1. Ferdinand Hodler (1853-1918)
Oil on Canvas - 40 x 37.5 cm
Genève, Musée d’art et d’histoire
Photo : Genève, Musée d’art et d’histoire/
An artist should be a forerunner, thus justifying an exhibition of his works. A forerunner of what ? Of modernity of course, the nec plus ultra being Abstraction. Ferdinand Hodler corresponds to this rule and today, we can enjoy looking at his landscapes and see them as precursors to Mondrian and Rothko.
After the Neue Gallery in New York , the Fondation Beyeler has assembled eighty of his paintings, produced mostly between 1913 and 1918, that is the very late years, the period of his celebrity and also of color. The choice of a limited time span and a thematic itinerary helps in highlighting the unity of the paintings and underscores the importance of series in the artist’s oeuvre. Visitors to the Musée d’Orsay exhibition in 2008 (see article, in French), where the chronological range was much larger, will therefore avoid the impression of déjà vu.
The catalogue reproduces the works without entries, sometimes on a double page, unfortunately cutting up the landscapes.
The first room provides some biographical milestones and reproduces vignettes of the works which made this Swiss artist famous : from Night in 1890, a Symbolist canvas which provoked an uproar, to Retreat at Marignan, a fresco finished in 1900 that also elicited a violent controversy. Then in 1907, for the University of Iena, Hodler produced Departure of the Students at Iena for the War of Liberation of 1813 and designed a project for bank notes, the famous Woodcutter. However when he signed the "Protestation de Génève" in 1914 against the bombing of the cathedral in Reims, his career in Germany came to a standstill, though he had participated successfully in the Secession exhibitions in Vienna and Berlin. This event plus his fondness for Swiss landscapes partly explain why his international celebrity seemed to fade away following his death.
2. Ferdinand Hodler (1853-1918)
Valentine on her Deathbed, 1915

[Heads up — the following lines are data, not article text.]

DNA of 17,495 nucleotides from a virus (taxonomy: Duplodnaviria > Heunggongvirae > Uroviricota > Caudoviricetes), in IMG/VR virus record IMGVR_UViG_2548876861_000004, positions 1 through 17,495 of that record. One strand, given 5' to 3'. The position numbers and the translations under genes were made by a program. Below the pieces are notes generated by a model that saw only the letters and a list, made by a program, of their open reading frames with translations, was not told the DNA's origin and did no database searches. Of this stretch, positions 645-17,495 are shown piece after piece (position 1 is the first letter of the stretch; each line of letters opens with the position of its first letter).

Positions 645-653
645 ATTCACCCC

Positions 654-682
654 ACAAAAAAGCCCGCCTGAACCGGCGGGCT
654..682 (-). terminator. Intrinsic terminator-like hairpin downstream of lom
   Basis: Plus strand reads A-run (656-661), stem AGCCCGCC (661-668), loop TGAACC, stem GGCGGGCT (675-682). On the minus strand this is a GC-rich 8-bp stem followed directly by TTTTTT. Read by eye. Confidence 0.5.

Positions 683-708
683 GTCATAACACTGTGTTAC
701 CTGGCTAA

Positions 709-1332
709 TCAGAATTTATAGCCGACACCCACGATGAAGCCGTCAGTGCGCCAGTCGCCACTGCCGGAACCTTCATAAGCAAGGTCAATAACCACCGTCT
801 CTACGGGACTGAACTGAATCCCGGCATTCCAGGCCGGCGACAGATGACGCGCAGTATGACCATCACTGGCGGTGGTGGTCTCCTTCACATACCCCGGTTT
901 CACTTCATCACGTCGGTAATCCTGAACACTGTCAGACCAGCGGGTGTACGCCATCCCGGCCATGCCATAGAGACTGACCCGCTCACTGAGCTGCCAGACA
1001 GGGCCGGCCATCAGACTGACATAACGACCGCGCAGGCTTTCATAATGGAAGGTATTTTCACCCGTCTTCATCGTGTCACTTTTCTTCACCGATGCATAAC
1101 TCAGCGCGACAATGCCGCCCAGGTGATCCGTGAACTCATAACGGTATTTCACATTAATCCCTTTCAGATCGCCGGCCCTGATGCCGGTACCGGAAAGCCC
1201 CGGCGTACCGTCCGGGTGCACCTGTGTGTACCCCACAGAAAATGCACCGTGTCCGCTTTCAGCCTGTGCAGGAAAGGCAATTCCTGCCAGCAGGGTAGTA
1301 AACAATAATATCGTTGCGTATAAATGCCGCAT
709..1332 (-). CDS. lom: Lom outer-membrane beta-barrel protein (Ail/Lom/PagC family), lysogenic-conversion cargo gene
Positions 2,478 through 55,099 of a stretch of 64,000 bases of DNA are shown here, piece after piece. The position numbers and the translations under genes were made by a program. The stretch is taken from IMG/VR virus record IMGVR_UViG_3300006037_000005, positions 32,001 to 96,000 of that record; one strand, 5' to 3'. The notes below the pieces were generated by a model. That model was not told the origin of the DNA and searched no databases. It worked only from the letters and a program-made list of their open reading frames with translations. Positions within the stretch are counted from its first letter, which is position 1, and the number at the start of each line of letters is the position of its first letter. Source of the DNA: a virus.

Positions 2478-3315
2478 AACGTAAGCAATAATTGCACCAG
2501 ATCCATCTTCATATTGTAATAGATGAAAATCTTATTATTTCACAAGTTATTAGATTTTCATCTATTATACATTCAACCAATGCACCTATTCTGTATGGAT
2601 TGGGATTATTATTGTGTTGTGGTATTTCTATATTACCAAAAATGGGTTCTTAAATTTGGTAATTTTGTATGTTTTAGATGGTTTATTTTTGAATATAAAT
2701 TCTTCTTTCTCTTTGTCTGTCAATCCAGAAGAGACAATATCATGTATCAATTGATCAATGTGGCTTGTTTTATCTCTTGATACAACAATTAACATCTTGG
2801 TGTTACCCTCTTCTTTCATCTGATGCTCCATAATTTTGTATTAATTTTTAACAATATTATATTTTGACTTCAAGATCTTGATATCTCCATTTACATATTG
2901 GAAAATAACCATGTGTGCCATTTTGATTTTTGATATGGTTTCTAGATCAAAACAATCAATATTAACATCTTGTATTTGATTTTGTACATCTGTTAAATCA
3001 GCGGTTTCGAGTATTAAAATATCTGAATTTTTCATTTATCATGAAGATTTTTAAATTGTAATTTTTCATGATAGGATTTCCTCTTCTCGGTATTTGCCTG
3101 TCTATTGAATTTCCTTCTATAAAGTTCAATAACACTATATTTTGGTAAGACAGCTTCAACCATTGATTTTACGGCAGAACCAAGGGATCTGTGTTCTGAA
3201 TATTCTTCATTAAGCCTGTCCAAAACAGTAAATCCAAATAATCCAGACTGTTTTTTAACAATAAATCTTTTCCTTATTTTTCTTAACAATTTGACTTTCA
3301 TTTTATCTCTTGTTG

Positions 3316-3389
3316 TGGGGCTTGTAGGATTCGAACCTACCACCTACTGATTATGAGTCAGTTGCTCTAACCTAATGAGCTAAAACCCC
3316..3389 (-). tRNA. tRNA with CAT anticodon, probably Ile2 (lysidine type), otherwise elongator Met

Oil on Canvas - 65 x 81 cm
Basel, Kunstmuseum, dépôt Rudolf-Staechelin
Photo : Kunstmuseum Basel / Martin Bühler
After this introduction, the actual visit begins with a gallery of self-portraits, an exercice which held an important place in Hodler’s production, particulary at the end of his life (ill. 1). In 1916 for example, he painted eight and drew eleven, often appearing face-on, against a neutral background, close up, with no narrative details. The artist focuses on his traits, painted realistically while at the same time achieving an interior vision. This incessant examining of his own likeness is undoubtedly linked to his obsession with sickness, old age and death which haunted him all his life. However, though Hodler was obviously assailed by doubts and anxiety, he also had a pronounced taste for a certain dramatic sense and was photographed many times.
This fascination with death can also be found in his representations of the suffering of his lover, Valentine Godé-Darel, who passed away in 1915. The theme is explored extensively in a section which brings together an ensemble of drawings and paintings marking each stage of her drawn-out illness until her death, depicted in her reclining body, shown as frail and linear (ill. 2), comparable to some of his landscapes, notably three views on paper of Lake Geneva seen from Lausanne.
3. Ferdinand Hodler (1853-1918)
Mountain Stream near Champéry, 1916
Oil on Canvas - 83 x 98 cm
Coire, Bündner Kunstmuseum
Photo : SIK-ISEA, Zurich